What is happening now is that, for example, we Brits living in Europe are going to become third-country nationals. And unless individual countries decide to treat us differently, we will have a status which is not necessarily even as good as the Americans have, because there’s an agreement for them which is in existence. So, the fact that you have got this change is why you have this difference.
Yes, you can argue a case which says treat EU citizens exactly the same in future [as Americans, etc.], and I accept that for those who move to the UK after the UK leaves. But I am talking primarily about the 3.6 million who have decided to settle in the UK; they have enjoyed freedom of movement and the rights which were given to them by the EU for 25 years. Some of those rights are going to be taken away from them.
Finally, what would Huw Longton say to the same comment?
It’s a good question, because I would argue that the UK immigration law is far too restrictive in regards to non-EU citizens anyway, and I don’t think we should after Brexit lower the rights of EU citizens just because other third-country nationals have fewer rights. I think the people who have had the free movement rights already, I don’t think it benefits anybody by taking those rights away. I think there’s a different debate to be had in the UK, which is to say that UK immigration law is actually very restrictive and, in my view, quite punitive, and a better way to go would not be to reduce the rights of a certain class of people but to look at having a more open immigration policy and improving the rights of other citizens.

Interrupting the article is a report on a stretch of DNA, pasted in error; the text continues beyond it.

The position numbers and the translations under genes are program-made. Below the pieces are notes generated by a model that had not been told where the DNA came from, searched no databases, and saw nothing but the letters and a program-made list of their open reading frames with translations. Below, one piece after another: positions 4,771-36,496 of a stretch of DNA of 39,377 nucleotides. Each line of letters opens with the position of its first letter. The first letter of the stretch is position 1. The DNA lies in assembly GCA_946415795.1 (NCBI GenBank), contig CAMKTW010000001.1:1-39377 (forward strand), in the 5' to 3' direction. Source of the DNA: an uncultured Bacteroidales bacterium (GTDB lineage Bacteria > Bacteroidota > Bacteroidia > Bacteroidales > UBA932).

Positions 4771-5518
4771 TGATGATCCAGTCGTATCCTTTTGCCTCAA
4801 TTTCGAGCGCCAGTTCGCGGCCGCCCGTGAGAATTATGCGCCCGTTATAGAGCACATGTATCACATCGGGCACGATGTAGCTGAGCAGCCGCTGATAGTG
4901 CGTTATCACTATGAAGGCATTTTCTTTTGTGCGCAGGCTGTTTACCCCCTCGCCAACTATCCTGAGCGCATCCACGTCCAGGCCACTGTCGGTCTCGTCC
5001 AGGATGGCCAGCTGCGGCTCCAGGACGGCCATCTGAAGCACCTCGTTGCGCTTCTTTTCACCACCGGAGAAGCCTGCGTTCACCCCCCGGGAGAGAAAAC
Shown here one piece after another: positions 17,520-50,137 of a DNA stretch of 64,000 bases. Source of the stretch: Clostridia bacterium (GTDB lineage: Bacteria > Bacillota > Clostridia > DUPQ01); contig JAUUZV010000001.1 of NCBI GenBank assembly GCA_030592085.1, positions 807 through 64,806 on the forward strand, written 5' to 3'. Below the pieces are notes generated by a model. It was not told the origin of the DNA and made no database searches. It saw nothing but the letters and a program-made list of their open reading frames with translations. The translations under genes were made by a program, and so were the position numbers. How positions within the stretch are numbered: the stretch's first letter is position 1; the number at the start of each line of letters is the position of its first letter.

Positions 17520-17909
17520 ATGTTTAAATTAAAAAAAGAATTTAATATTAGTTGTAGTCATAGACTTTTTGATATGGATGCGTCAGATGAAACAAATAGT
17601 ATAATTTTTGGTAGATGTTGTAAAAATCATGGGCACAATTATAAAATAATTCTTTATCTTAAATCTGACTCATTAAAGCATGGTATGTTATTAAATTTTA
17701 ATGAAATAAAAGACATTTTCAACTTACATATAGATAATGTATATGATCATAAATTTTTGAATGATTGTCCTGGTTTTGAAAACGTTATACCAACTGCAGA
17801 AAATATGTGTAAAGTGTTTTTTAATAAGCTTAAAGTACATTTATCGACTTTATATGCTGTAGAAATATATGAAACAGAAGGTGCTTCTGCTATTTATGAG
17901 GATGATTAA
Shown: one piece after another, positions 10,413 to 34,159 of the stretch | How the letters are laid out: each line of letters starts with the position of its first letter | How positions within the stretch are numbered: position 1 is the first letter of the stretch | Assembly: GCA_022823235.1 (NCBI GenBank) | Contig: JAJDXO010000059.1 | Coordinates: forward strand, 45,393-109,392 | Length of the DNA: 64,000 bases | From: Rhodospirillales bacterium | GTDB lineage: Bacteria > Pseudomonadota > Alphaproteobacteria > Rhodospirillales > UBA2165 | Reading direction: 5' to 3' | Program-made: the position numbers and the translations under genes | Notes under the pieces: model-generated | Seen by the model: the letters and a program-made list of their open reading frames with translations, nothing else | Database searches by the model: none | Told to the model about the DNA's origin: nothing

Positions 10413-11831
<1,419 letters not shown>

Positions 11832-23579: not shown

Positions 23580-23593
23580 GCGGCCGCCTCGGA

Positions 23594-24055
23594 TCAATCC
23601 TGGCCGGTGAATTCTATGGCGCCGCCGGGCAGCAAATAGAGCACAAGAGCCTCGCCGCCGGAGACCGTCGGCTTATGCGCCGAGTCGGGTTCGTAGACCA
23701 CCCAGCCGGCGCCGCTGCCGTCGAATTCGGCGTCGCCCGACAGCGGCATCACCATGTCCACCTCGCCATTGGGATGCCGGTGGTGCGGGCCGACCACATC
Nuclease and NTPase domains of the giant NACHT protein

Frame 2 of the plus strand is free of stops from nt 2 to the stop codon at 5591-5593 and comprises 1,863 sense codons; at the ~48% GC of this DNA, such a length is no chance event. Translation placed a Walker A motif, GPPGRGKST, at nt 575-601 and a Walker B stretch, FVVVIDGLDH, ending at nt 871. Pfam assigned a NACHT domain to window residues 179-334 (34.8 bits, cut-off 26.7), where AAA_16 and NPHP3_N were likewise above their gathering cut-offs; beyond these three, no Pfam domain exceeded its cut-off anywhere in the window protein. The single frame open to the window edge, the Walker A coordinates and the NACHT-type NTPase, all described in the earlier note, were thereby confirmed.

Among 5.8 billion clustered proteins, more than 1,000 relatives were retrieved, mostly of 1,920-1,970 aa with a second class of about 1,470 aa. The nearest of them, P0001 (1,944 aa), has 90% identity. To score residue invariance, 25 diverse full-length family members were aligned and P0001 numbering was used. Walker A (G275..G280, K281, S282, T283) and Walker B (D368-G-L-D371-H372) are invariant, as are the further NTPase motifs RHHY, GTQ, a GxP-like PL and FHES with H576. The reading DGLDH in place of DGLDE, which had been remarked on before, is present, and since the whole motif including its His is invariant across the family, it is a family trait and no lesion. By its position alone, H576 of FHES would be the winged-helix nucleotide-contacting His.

What will Brexit mean for Europeans living in Britain? Why should there be any change in their status after Brexit? On the other hand, why should EU nationals living in Britain be treated any differently than citizens from India, the US, China, etc.? Let us know your thoughts and comments in the form below and we’ll take them to policymakers and experts for their reactions!